At #SBS2013 Jeff Dachis posed an interesting thought, captured by Gautam in this tweet.

Both Gautam and Haroon then shared interesting links in this context – content from Jeremiah Owyang and Loic Le Meur respectively. (had not seen the first one before) The ‘lunch conversation’ didn’t really happen around this, so I thought I’ll share my thoughts here. :)

Jeremiah’s post also has a link that shows how fast this collaborative economy is growing. Recently, he also wrote a post on the ‘maker movement’, and his experiences at a fair he attended. It also had a short note on how brands could leverage the movement – become enablers, building a marketplace around themselves, and offer customised products directly to individuals.

At #SBS2013, as part of my presentation on ‘The Currencies of Engagement @ Scale‘ I’d shared a rendition of Maslow’s Hierarchy of Needs to show how engagement should be scaled to (also) satisfy the needs (of a user from a brand) at the top of the pyramid. (slide 17 here) It had both collaborative consumption and co-creation listed as narratives because they traded in the currencies of community and esteem respectively.

At this stage, I thinks brands have a great chance of being a significant part of the ‘maker movement’ if they can change the outlook of their business processes – from production to marketing. After all, they’re makers too, except that when they attained massive scale, they moved more and more towards a one-size-to-fit-everyone approach, pursuing efficiency @ scale. Again, it is not as though brands who do not change will suddenly cease to exist – it’s just that their narratives won’t be strong enough for any affinity. As I said in  the presentation, there is a limit to the currencies of efficiency narratives – cheaper, faster etc – because once a better player comes along, a switch is imminent.

In the medium term, these brands will exist because not everyone has the same involvement with every category. Let’s take the example of an automobile. I still ride a two-wheeler, because for me the narrative is a very functional one – move from Point A to Point B. When I do buy a car, it will continue to exist in the functionality narrative, but I know several for whom the car is a reflection of their achievements in life. Just like the t-shirts I wear are a representation of my philosophies. For those several, a t-shirt might just be another garment they wear, or again, a representation of their material possessions – easily captured by wearing a costly brand with little involvement in the design. My belief is that in every domain, there’ll be enough consumers who buy a brand for the currencies they offer at lower levels, (price, convenience etc) and that will continue to be the short head. (in the long tail concept) But as time passes, the economics won’t work out because the resources a brand has to spend to keep its consumers would prove to be far more than the money it makes out of them.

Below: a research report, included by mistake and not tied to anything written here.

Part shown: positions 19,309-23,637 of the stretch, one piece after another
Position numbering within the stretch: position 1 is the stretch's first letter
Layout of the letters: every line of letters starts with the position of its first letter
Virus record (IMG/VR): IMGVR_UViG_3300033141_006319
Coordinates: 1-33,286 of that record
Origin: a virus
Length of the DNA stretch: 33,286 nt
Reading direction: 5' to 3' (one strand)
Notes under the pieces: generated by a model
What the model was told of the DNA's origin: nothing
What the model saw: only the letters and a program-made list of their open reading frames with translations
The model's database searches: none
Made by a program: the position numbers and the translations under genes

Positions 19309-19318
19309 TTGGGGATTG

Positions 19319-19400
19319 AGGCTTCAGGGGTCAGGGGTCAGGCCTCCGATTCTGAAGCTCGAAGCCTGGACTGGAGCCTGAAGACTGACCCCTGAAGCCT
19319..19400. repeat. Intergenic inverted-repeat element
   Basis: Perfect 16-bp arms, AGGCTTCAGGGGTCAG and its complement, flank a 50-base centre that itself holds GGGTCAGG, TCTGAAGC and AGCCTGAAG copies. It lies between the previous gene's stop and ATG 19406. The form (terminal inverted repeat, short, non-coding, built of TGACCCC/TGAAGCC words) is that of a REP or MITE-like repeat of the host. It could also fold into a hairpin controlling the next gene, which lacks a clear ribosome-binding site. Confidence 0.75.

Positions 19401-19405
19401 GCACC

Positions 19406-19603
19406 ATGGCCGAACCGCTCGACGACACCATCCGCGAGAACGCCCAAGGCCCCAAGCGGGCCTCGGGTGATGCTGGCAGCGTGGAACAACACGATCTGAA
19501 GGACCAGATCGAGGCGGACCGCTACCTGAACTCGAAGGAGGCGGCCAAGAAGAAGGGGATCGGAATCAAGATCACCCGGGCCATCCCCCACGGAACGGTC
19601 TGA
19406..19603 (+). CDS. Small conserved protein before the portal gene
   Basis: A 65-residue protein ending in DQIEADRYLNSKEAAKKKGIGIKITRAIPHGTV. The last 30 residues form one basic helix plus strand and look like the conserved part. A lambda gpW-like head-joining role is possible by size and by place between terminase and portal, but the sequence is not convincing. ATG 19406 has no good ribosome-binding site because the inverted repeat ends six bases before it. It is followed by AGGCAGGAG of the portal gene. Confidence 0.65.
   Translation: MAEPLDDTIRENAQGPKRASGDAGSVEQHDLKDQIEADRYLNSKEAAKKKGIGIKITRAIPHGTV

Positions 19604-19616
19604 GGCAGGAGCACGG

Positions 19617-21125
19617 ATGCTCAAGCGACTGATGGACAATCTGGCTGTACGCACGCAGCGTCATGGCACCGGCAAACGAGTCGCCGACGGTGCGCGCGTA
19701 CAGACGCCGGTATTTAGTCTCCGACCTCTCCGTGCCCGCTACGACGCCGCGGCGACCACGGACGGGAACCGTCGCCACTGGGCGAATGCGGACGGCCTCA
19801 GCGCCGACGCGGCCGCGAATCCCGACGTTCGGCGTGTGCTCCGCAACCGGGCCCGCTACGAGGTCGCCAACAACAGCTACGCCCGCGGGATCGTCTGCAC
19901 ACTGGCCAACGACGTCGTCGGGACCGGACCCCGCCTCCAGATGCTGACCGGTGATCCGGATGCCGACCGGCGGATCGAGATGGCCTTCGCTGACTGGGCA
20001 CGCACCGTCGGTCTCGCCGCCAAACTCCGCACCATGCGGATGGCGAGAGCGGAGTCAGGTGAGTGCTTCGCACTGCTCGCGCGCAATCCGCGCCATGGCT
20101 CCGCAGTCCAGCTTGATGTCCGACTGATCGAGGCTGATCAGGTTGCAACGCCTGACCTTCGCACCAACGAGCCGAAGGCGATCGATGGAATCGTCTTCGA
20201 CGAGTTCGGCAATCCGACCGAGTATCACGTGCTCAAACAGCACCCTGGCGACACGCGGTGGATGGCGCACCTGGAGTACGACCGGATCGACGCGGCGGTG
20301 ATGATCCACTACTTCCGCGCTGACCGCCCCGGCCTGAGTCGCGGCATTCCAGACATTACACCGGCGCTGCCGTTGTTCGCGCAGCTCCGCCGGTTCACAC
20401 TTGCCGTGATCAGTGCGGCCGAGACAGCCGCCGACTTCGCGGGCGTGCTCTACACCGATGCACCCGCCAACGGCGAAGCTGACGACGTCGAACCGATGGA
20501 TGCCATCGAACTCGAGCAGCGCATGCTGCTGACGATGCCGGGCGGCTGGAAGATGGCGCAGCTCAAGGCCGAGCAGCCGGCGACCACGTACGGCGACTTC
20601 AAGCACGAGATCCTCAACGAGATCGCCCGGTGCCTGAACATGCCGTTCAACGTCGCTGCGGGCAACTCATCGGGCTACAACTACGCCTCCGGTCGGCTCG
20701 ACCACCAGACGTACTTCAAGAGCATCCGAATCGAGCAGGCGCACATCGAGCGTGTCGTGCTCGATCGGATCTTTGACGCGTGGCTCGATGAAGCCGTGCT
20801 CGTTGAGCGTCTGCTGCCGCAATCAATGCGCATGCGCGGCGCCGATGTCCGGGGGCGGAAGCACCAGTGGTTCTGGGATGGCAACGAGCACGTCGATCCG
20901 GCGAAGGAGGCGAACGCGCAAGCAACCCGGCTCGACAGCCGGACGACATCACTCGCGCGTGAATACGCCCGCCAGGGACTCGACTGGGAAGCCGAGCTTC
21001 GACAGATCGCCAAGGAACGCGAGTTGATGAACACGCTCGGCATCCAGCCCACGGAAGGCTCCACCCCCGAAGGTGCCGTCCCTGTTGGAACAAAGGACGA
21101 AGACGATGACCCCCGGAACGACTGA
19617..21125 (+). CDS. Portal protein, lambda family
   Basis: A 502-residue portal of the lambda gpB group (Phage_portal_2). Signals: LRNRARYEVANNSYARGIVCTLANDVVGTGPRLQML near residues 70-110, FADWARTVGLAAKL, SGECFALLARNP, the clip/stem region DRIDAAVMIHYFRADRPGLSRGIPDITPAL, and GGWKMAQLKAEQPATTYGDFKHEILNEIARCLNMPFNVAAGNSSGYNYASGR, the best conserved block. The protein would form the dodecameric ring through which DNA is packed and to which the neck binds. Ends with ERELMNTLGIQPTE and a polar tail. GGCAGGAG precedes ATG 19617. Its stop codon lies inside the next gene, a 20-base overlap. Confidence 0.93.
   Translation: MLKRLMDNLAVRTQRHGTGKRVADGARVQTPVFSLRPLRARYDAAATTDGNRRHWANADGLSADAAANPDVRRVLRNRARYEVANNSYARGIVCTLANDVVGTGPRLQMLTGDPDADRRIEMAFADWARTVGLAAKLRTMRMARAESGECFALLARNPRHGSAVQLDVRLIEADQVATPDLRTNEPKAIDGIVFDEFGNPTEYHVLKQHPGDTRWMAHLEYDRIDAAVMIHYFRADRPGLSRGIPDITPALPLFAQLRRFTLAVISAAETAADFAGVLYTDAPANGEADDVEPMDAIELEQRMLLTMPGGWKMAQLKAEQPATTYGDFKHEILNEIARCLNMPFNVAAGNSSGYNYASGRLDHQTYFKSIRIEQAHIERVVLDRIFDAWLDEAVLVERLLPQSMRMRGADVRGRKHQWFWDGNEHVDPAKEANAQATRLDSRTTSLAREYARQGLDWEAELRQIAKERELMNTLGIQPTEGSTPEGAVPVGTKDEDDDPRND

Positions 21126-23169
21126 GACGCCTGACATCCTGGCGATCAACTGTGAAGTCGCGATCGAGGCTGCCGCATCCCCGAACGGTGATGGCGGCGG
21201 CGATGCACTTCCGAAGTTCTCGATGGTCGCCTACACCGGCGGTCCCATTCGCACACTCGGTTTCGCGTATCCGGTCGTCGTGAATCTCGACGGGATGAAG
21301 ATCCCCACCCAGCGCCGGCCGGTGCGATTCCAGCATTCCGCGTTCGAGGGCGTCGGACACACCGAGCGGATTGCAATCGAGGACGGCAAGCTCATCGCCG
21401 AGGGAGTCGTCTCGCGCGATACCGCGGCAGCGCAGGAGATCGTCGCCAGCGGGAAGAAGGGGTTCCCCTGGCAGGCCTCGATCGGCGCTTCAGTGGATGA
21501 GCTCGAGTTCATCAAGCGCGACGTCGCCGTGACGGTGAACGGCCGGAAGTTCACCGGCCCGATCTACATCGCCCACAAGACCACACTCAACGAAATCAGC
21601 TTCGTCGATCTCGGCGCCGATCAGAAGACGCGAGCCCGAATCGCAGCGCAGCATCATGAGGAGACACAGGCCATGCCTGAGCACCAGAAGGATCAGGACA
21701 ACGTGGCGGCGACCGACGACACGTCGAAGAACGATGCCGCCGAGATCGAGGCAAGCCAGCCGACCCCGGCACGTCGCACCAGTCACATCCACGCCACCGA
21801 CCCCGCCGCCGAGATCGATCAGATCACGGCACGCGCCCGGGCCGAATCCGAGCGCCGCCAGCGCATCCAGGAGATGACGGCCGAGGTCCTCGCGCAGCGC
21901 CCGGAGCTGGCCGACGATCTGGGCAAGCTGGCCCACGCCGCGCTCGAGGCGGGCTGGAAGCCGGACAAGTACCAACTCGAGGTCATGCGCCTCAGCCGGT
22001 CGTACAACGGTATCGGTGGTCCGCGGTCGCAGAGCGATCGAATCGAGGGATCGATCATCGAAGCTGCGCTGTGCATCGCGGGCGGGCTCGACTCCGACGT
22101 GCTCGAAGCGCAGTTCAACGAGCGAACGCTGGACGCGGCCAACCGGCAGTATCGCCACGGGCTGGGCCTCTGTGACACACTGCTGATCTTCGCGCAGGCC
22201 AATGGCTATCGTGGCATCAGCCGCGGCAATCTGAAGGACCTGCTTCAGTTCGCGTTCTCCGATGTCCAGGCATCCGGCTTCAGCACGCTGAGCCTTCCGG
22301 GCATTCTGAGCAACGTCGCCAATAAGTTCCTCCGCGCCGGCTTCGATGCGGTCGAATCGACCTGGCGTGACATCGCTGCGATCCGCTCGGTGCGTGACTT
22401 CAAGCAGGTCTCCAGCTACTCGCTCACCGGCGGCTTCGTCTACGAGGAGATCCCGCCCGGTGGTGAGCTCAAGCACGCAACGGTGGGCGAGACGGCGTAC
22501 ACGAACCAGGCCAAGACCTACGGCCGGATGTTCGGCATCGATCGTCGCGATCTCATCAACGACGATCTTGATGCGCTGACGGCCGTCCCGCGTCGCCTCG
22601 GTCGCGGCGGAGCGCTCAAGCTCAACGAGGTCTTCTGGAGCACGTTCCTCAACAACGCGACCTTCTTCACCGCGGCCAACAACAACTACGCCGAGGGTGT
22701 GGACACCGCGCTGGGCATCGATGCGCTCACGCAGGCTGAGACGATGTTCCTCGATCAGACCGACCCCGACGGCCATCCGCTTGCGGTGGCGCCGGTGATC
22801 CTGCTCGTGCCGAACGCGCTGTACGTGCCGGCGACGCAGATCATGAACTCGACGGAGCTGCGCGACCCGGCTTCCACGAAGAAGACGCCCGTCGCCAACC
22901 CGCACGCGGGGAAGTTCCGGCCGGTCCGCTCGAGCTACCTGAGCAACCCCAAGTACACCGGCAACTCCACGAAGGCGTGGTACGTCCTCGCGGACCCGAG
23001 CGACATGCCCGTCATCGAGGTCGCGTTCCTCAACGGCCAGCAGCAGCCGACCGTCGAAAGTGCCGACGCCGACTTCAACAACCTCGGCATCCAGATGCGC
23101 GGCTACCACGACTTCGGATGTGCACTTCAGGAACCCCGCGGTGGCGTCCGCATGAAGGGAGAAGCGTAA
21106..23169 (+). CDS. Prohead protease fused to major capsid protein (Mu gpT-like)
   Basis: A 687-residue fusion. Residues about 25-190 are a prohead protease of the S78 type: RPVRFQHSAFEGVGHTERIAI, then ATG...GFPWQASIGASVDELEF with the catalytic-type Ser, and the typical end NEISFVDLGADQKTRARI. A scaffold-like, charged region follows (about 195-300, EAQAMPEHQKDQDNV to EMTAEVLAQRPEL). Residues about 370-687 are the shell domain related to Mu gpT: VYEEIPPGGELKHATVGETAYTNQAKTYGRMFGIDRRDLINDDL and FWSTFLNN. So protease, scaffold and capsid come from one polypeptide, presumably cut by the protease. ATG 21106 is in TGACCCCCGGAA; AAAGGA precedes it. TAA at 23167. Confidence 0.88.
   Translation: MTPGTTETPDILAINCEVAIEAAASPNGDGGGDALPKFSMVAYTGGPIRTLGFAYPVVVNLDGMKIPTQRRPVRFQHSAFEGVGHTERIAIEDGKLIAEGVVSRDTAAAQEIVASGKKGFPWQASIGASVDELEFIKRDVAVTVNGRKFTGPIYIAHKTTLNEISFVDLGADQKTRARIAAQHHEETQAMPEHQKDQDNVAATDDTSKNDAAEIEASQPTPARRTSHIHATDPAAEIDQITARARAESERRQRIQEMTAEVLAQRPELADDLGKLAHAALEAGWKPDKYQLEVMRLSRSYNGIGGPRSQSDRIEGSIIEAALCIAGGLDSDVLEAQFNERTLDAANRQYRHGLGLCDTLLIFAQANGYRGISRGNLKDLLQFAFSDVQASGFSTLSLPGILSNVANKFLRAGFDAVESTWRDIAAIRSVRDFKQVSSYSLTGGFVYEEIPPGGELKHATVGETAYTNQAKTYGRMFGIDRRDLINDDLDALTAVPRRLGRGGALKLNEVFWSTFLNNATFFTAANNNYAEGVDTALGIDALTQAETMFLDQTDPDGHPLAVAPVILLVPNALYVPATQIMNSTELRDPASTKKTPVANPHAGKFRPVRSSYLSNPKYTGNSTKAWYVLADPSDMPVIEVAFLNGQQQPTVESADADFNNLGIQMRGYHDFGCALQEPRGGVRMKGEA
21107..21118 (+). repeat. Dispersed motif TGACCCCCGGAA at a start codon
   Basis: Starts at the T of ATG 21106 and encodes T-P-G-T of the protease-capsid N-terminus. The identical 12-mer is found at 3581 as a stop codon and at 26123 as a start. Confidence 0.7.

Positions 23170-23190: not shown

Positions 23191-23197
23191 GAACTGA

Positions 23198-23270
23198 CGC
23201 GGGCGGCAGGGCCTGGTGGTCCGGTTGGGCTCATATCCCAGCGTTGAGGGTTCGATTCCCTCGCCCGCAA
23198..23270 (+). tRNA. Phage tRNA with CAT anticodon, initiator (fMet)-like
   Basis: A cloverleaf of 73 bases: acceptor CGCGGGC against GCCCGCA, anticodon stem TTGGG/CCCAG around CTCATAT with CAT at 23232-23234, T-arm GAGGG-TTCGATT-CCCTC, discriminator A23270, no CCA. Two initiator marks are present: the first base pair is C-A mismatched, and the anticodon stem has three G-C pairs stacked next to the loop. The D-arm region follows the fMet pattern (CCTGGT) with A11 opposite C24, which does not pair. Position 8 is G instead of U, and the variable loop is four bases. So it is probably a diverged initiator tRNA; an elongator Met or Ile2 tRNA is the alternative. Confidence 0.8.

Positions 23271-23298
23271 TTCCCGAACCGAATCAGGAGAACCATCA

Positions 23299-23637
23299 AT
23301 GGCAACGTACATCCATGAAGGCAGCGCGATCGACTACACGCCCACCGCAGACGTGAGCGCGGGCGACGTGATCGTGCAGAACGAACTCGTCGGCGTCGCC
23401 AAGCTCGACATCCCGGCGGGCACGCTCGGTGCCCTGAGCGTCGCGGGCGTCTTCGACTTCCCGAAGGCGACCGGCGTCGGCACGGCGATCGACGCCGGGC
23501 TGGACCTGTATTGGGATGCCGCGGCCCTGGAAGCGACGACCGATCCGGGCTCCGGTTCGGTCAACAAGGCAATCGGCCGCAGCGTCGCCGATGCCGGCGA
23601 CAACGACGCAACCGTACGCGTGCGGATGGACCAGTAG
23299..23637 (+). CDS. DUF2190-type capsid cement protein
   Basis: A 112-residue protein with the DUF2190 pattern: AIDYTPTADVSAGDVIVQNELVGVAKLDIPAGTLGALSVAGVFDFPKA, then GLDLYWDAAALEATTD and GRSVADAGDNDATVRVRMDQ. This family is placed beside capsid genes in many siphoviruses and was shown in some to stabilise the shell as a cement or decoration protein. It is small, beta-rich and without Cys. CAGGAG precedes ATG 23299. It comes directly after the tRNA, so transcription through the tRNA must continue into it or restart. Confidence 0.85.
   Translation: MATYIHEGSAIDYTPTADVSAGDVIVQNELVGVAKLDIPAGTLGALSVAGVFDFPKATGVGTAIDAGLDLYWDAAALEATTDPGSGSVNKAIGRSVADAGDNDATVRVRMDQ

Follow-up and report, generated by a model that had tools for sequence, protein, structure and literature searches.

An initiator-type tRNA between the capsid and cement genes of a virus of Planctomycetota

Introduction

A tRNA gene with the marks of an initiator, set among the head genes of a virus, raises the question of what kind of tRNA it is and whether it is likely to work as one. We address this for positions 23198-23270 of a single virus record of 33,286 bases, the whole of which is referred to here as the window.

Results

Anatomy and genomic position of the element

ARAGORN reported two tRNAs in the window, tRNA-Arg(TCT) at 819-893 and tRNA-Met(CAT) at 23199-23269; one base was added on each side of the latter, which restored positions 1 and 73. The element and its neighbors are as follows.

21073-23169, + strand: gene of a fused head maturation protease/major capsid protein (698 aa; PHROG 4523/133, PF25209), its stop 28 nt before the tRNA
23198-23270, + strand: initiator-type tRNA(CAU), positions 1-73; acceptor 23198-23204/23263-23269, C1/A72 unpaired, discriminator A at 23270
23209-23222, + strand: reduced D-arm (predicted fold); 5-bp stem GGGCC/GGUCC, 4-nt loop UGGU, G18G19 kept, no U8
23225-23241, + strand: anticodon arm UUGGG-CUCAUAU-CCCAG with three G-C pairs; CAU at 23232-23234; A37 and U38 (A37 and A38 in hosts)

At this point, all the narratives at the higher levels of the pyramid (co-creation, collaborative consumption) are in the long tail, but brands will soon realise that with evolving technology dynamics, it will have to learn to cater to the long tail, where the currencies will be different. This is most definitely an evolution and not a sudden shift. For starters, brands would have to learn the new dynamics of production and distribution and the impact on their balance sheets. They will have to learn balancing acts. Imagine a branded retail store that allows you to buy their regular products as well as make your own versions (which are also branded – hello NikeID) at various levels of customisation. In terms of economies of scale, the former would be better off with traditional mass production and the latter with a technology like 3D Printing. The online version of this store would also have both, and probably the ability to buy the materials and print it yourself as well.

It is not just the production side which will require a balancing act, think of what the brand stands for. It needs to speak different languages to different kinds of consumers – from the guy who wants a convenient off-the-shelf purchase to the guy who wants every-part-customised, so that both feel they’ll get value from the brand. There are nuances as well – sometimes my association with the brand is not because it allows co-creation or collaborative consumption, it is only because I identify and relate to other things they stand for – and my consumption of them deals with the currencies in community or esteem. In short, what does it mean for brands? Exactly what’s happening to everything else – massive disruption. The way to tackle it is to try and get a bearing of the narratives your brand should be part of, (oh yes, Big Data and predictive analytics can help) because no brand can compete for every consumer with every maker.

until next time, break first, then make

Bonus Read: Emerging Bets at the Intersection of Technology & Culture